If you sustain loss or injuries either on your person or on your property because of the wrongful conduct of another person, you may be entitled to compensation. This compensation is awarded in a damages claim through a civil suit. Damages are usually monetary awards designed to return the affected party to their original position, before the damage was done. Here are four types of damages that can be awarded in a civil suit.
- General Damages
These types of damages are awarded when a person incurs some specific, personal harm. The damage can be:
- Emotional distress caused by sexual harassment, physical harm, physical contact, or slander
- Pain and suffering caused by an injury, including scarring, aches, and temporary or permanent limitations on activity
- Defamation of character caused by the intentional communication of false information, which subsequently harms the reputation of a person or establishment. Also known as loss of reputation, this may include any untrue information that leads to decreased respect or regard of a person or establishment
- Loss of consortium or loss of companionship, when an injury or death resulting from the actions of another party deprives you of the benefits of a normal family relationship. For example, the inability to provide the same comfort, love and affection, or sexual relations
- Loss of mental or physical capacity, meaning a reduced or complete inability to take care of oneself or think clearly due to another person’s acts
- Disfigurement, when another party’s actions causes a permanent change in your body or appearance
It is often difficult to measure these types of damages. In most cases, the decision will depend on the nature of the loss or injury. Where it is particularly hard to make a determination, the judge may look at previous similar cases to award compensation.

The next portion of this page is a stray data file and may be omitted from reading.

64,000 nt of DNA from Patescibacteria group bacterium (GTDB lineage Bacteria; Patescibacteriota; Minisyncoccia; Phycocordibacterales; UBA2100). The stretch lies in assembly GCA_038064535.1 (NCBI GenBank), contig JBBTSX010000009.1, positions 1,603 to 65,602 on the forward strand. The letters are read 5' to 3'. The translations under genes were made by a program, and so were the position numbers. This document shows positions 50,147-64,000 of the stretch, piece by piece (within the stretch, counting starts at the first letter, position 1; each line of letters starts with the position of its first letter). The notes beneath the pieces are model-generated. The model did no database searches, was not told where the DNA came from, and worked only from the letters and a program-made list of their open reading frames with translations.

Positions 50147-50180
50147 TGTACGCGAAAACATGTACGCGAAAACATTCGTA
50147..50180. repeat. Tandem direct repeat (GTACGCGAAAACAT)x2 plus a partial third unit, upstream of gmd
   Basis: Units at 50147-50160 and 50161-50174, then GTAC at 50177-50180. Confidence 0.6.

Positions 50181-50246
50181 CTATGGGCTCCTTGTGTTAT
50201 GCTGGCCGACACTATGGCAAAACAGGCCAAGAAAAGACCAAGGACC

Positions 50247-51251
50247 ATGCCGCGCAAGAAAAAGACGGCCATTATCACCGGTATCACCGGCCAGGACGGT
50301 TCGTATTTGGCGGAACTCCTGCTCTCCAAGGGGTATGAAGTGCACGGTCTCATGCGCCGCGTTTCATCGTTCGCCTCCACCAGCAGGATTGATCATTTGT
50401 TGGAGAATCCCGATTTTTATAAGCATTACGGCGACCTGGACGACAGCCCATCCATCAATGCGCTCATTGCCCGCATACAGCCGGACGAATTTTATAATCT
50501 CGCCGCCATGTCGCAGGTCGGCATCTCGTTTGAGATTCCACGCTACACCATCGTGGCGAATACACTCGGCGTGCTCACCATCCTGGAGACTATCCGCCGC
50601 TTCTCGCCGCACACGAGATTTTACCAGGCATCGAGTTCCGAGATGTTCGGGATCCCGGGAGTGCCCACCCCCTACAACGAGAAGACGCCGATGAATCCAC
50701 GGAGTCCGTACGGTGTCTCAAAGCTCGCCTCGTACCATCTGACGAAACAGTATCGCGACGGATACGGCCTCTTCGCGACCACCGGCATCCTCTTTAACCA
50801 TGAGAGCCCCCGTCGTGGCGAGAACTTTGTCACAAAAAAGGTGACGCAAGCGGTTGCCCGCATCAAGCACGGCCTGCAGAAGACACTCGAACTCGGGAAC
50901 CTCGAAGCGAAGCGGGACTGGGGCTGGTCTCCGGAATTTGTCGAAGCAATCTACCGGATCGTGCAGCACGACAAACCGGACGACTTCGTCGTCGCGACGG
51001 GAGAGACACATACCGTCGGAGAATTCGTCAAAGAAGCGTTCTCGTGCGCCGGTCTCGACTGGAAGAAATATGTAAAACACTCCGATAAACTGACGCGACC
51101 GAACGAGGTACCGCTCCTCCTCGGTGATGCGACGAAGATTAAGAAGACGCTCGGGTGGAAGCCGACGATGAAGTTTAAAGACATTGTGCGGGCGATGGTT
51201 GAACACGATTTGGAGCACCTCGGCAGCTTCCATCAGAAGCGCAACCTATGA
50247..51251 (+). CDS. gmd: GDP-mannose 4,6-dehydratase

2. Special Damages
Special Damages are awarded on losses that have a determinable value. They include payment orders to cover things such as medical expenses, personal or property damage, or even loss of income. Compensation for damage to personal property is generally based on the value of the item at the time of the damage, not the buying price. This basically means that you will be compensated for the used or depreciated value of the property, rather than for the actual market price.
3. Punitive Damages
Punitive damages are a special compensation that is awarded when the actions of the offending party are found to be especially harmful, egregious, and intentional. The main purpose of punitive damages is to punish the defendant and discourage future similar actions. These types of damages are typically not applicable in contract cases, unless the plaintiff can prove that the actions of the other party were done with the express intent to defraud.
4. Liquidated Damages
When you go into a contract with another party and one of you breaches the agreement, the offending party may have to pay the non-breaching party liquidated damages. This is usually done by estimating the presumed damages caused by breaching the contract. This type of compensation usually comes into play when it is difficult to measure the actual loss incurred by a breach of contract. However, the value of the liquidated damages must be reasonable; a disproportionate estimate may cause the claim to be dismissed.
Claiming compensation for damages incurred by another party is not a complicated process, but it helps to have an experienced attorney on your side. If you find yourself in an awkward situation, Tanika L. Finney can help you settle the matter. Contact us today at 334-246-4170.